Our installation is a good example. The meter box is around 15m from the CU, and the supply from the meter box to the CU is 25mm² SWA, because it runs underground and through an internal wall where the supply cable requires mechanical protection. The SWA needs terminating within an enclosure, and also needs over current protection because it is over 3m long, so the only real choice was to fit a box in the meter cabinet,

In terms of who owns what, the the DNO only owns the incoming cable and fuse, and, perhaps, any additional backing board the fuse is mounted on (often a small sloping section under the fuse), nothing else. The meter operator/electricity supplier owns the meter and the tails that connect from the main fuse to the meter. They do not own anything else. The consumer owns the tails that come from the meter, the meter box itself and all whole installation down stream of that. The consumer is required to provide and install an approved meter box when the installation is first connected, and either the DNO or the meter operator/electricity supplier can refuse to install their equipment is the box does not meet their requirements.

Technically, there is nothing in any regulation that states that consumers must not put equipment in the meter box, after all, it belongs to them anyway. The two other parties do have the right to veto the fitment of any new equipment, though, if the consumer has not ensured that there is enough room in their box for that equipment to be fitted.
 

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Discussion Starter · #15 ·
Thank you all for your comments and advice I guess this one is back to pod point to see if they can resolve the issue. It appears that the fitting of the new meter and the issues I'm now experienced are just a coincidence. Have contacted PPoint who have advised they will treat this as a priority but as yet no timeframe - which causes me concern given it took over 45 minutes to get through to them yesterday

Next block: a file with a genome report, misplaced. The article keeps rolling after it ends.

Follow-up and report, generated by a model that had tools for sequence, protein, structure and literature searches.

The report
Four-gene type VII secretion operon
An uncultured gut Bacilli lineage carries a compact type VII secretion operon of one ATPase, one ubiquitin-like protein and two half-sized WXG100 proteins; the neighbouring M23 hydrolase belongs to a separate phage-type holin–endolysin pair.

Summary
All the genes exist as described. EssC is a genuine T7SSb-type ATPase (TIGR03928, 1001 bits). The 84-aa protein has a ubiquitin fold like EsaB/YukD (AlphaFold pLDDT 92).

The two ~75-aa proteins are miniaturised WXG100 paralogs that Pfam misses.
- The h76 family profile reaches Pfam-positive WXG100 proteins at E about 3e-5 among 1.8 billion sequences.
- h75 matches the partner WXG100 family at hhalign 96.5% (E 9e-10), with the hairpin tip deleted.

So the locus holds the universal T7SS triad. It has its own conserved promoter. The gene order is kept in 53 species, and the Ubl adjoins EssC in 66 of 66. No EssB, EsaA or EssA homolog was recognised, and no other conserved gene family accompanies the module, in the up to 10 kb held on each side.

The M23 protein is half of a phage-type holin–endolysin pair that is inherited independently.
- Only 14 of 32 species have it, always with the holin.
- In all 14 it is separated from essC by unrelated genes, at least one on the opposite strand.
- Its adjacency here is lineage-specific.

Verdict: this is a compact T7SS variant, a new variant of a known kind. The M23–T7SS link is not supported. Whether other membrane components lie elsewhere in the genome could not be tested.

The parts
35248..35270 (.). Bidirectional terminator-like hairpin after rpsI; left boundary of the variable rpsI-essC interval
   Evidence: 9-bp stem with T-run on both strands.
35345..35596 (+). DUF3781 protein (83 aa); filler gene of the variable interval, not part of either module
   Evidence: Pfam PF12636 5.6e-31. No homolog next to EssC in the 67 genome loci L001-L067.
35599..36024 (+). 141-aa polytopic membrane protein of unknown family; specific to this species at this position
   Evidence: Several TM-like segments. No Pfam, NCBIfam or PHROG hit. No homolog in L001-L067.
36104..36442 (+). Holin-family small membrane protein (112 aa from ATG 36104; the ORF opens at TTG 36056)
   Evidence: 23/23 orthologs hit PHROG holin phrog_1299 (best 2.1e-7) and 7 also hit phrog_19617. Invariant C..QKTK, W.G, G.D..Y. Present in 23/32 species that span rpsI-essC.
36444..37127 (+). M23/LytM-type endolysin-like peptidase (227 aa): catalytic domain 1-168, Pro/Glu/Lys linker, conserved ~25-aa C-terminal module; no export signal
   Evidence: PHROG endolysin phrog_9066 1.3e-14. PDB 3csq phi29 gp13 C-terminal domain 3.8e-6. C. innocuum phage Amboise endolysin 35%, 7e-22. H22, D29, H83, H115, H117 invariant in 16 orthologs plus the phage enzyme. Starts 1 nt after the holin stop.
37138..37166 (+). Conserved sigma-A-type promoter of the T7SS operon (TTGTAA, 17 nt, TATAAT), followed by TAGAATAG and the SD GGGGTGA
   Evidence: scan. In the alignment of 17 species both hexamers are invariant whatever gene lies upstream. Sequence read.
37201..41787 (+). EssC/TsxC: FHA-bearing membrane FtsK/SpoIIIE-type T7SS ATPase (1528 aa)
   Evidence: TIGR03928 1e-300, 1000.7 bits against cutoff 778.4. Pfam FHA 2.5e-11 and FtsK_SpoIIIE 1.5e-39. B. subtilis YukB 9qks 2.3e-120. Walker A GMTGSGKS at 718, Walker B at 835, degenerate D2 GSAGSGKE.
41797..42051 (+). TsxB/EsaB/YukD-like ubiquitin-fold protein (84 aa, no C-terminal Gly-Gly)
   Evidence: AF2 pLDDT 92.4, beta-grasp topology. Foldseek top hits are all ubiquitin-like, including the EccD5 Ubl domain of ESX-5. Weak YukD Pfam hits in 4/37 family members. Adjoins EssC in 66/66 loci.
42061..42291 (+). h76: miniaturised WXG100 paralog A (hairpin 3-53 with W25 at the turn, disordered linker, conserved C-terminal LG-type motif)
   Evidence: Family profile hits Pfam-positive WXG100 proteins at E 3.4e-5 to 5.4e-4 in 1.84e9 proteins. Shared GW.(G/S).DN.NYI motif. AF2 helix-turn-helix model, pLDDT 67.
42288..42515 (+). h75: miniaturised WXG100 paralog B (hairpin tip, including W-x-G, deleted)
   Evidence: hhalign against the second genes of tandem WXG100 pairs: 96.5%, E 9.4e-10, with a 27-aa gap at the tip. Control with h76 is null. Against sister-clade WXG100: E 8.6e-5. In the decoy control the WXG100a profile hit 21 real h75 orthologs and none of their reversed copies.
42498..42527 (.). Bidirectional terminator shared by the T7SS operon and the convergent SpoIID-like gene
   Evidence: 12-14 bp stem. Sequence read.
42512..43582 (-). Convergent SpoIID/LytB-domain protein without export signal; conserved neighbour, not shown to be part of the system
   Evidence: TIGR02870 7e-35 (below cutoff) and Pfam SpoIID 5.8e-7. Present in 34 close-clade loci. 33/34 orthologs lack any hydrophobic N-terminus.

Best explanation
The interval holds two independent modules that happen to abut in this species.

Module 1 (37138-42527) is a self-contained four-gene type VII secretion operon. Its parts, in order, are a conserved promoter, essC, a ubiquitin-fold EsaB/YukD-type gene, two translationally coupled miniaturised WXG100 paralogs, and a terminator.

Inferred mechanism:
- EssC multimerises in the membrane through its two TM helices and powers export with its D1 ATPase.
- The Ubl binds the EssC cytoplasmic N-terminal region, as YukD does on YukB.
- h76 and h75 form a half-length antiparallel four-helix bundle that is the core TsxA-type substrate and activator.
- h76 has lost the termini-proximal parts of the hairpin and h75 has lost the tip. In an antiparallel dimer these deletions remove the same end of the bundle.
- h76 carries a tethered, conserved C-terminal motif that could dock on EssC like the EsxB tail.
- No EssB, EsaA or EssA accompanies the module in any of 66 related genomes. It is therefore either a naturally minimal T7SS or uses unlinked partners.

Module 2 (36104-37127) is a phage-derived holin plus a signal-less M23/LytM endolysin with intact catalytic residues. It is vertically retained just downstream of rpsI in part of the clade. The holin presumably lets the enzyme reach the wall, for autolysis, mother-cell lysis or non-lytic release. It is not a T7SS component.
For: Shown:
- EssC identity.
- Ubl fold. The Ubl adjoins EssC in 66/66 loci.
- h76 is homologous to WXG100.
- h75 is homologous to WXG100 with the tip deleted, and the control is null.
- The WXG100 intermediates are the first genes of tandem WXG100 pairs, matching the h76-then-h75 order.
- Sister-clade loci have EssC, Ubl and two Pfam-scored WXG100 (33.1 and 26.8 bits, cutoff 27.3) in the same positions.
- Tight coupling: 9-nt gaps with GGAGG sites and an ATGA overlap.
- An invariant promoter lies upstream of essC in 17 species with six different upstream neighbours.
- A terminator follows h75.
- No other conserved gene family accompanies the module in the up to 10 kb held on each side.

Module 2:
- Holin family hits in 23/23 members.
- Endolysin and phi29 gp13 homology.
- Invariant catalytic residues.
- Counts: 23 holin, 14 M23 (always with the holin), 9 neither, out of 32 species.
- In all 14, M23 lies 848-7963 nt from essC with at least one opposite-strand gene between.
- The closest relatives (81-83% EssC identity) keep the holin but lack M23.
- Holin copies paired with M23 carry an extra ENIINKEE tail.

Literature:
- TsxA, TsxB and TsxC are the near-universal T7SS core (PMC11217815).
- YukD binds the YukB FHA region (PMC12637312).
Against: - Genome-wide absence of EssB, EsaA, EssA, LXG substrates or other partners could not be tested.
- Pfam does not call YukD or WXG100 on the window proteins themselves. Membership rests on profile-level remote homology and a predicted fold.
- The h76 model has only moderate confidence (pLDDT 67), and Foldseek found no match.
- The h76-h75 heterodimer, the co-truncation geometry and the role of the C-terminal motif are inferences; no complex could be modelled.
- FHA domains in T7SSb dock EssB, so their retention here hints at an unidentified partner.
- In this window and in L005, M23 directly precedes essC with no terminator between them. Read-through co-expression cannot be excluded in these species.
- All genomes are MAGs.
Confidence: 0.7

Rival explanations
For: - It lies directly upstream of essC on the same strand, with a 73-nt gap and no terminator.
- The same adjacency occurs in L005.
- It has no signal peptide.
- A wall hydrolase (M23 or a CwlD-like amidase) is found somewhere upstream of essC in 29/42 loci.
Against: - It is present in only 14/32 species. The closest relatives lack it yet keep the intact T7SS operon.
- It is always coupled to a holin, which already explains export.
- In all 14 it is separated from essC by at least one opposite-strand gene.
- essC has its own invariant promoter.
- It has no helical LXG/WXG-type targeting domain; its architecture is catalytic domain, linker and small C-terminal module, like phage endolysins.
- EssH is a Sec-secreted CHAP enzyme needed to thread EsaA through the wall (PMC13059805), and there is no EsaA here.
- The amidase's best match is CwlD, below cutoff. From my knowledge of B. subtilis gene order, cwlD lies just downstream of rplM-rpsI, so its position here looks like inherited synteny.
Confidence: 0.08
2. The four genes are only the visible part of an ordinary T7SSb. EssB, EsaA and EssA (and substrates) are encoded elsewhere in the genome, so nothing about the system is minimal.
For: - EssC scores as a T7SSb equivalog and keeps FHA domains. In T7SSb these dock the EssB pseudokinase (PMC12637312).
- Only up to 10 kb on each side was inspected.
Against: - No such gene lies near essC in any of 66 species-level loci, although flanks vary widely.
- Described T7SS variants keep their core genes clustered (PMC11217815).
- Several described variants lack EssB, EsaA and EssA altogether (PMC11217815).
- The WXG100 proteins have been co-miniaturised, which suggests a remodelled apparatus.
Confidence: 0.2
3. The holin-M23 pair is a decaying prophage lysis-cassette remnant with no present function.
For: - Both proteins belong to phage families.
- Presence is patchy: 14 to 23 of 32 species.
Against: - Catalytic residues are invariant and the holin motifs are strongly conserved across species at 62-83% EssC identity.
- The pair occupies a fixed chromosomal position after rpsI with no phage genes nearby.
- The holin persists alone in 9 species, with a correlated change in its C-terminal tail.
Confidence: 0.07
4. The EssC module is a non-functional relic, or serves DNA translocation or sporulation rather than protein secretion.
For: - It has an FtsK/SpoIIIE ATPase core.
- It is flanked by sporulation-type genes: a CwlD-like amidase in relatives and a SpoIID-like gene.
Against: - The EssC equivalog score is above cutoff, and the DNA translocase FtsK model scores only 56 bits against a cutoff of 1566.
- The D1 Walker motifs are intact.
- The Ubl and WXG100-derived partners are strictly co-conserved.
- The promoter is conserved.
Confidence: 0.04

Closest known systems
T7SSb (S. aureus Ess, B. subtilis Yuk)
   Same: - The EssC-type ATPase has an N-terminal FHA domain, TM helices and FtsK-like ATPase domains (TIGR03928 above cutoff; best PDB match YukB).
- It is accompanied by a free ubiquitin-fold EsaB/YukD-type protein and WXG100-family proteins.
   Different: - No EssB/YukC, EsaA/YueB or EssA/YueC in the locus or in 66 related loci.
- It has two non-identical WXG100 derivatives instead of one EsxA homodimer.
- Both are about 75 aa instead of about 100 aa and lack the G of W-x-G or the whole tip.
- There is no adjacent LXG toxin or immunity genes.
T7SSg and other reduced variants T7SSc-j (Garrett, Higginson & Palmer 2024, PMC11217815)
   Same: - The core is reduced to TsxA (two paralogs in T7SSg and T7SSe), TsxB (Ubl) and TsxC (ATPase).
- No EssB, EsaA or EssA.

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Discussion Starter · #16 ·
What did you mean by this? Your first photo show the inside of a standard meter box. Has the whole box been replaced? It doesn't look like it.

In any case, it's difficult to see how replacing the meter, which would just mean reconnecting the tails to your mini-consumer unit in the box, could lead to the fault you are getting. (As @Jeremy Harris has just posted.)

I note that your charge point installer has put the consumer unit for the EV charge point inside the meter box. Most (all?) DNOs (distribution network operators) forbid this (but many turn a blind eye I think). But its presence and the questionable routing of the cable to the charge point makes me think it's worth considering the quality of the installation. Installing the new meter could have disturbed something?